JOURNALISTS do a job that sometimes is dangerous. Mostly those at risk are out in the field, reporting from unstable parts of the world.
World Press Freedom Day on May 3 calculated that more than 2,500 journalists had been killed since 1990, according to a report on the BBC website.
That report was published as ten media professionals were killed in two separate incidents in Afghanistan. In one incident, reporters who gathered at the aftermath of a suicide bombing in Kabul died when a second suicide bomber, disguised as a journalist, blew himself up.
The journalists who died yesterday in the US at the Maryland office of the Capital Gazette were doing what should have been a less risky job. The five members of staff who were killed were named as Wendi Winters, 65, editor and community reporter; Robert Hiaasen, 59, assistant editor and columnist; Gerald Fischman, 61, editorial writer; John McNamara, 56, reporter and editor; and Rebecca Smith, 34, sales assistant.
Ordinary people doing an everyday sort of job on the newspaper that serves their local community. The sort of people you’d meet in any regional or local newspaper in this country. The sort of people many of us worked alongside. The sort of people we used to be or still are.
Sadly, such dedicated people are an endangered species, with a report commissioned ahead of the Cairncross review into newspapers finding that the number of frontline print journalists has “dropped by more than a quarter… from about 23,000 in 2007 to 17,000 last year”, according to the Press Gazette.
But let’s remember and celebrate those five people in Maryland who died while working in the office of their local newspaper. Reports suggest that the alleged killer, Jarrod Ramos, had a long-held grudge against the newspaper after losing a defamation case.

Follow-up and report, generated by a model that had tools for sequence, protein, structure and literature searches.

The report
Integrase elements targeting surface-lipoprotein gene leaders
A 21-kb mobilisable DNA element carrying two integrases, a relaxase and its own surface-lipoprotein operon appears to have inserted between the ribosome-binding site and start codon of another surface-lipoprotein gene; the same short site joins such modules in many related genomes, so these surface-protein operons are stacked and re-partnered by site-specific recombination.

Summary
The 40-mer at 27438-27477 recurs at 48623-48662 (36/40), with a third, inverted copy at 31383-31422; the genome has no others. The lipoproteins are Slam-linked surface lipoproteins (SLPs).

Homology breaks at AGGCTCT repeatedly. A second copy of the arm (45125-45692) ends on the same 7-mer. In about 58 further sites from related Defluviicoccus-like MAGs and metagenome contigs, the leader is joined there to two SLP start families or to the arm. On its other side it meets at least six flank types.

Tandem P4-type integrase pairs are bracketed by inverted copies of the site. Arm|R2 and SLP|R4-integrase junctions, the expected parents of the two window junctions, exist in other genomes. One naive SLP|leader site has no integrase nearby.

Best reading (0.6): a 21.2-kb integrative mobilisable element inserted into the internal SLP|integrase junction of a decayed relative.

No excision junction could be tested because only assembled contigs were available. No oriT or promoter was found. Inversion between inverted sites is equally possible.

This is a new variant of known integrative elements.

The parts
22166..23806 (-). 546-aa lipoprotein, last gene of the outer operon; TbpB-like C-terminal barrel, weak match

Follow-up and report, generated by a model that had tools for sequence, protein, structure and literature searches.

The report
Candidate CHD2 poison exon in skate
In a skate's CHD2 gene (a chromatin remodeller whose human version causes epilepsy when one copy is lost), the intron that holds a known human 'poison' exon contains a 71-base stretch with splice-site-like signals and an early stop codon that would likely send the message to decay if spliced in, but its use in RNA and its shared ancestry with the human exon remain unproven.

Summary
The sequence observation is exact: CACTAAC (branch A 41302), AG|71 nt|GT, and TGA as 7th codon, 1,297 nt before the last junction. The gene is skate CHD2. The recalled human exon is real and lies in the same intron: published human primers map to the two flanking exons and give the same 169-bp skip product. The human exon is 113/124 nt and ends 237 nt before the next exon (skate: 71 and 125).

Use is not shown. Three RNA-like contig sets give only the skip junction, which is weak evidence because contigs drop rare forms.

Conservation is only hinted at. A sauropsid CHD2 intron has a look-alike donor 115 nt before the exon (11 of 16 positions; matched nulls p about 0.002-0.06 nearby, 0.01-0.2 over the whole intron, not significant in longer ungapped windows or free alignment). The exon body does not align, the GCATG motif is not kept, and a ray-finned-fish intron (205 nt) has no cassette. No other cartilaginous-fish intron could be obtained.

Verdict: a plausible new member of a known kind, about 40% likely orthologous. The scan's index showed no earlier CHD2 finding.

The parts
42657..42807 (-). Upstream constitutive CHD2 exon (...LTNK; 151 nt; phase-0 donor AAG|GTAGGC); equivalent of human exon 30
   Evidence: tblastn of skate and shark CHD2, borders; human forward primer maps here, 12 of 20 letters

Anyone who has worked in a local or regional newspaper office will have encountered less extreme displays of hostility. Readers love their local newspapers. But sometimes they hate them too, or love/hate them in a potentially unstable manner.
Partly this is the nature of reporting. This inquisitive art should sometimes involve putting your nose where it’s not wanted in the name of uncovering news that is important to readers.
The Capital Gazette did what newspapers usually do. The show went on and a new edition was printed today, featuring photos of those who died.
As one of the paper’s reporters, blessed with the suitably go-getting name of Chase Cook, tweeted: “We are putting out a damn paper tomorrow.”
President Trump sent his “thoughts and prayers”, as he always does, while also reportedly walking away from reporters who wanted to ask questions about the shooting.
What prayers can the gun-loving National Rifle Association call upon? Only the hope that its deep pockets prevent any curtailment of America’s crazy gun laws. As for prayers, how about this: “Jesus loves me and my guns.” That slogan was splashed across a T-shirt worn by a retired baseball player at the association’s “prayer breakfast”.
And with thoughts like that, the rest of us don’t have a prayer.
This latest atrocity in the US cannot be directly linked to Trump and his futile “thoughts and prayers”. But it is fair to say that his endless hostility towards the “fake news media” puts journalists at risk.
Obviously, I didn’t know those people who died. But looking at the photographs makes me feel I did. They fit right in with a long line of ordinary, hard-working journalists I know and have known.
A truly terrible day, but well done for getting a paper out and paying tribute to those you have lost.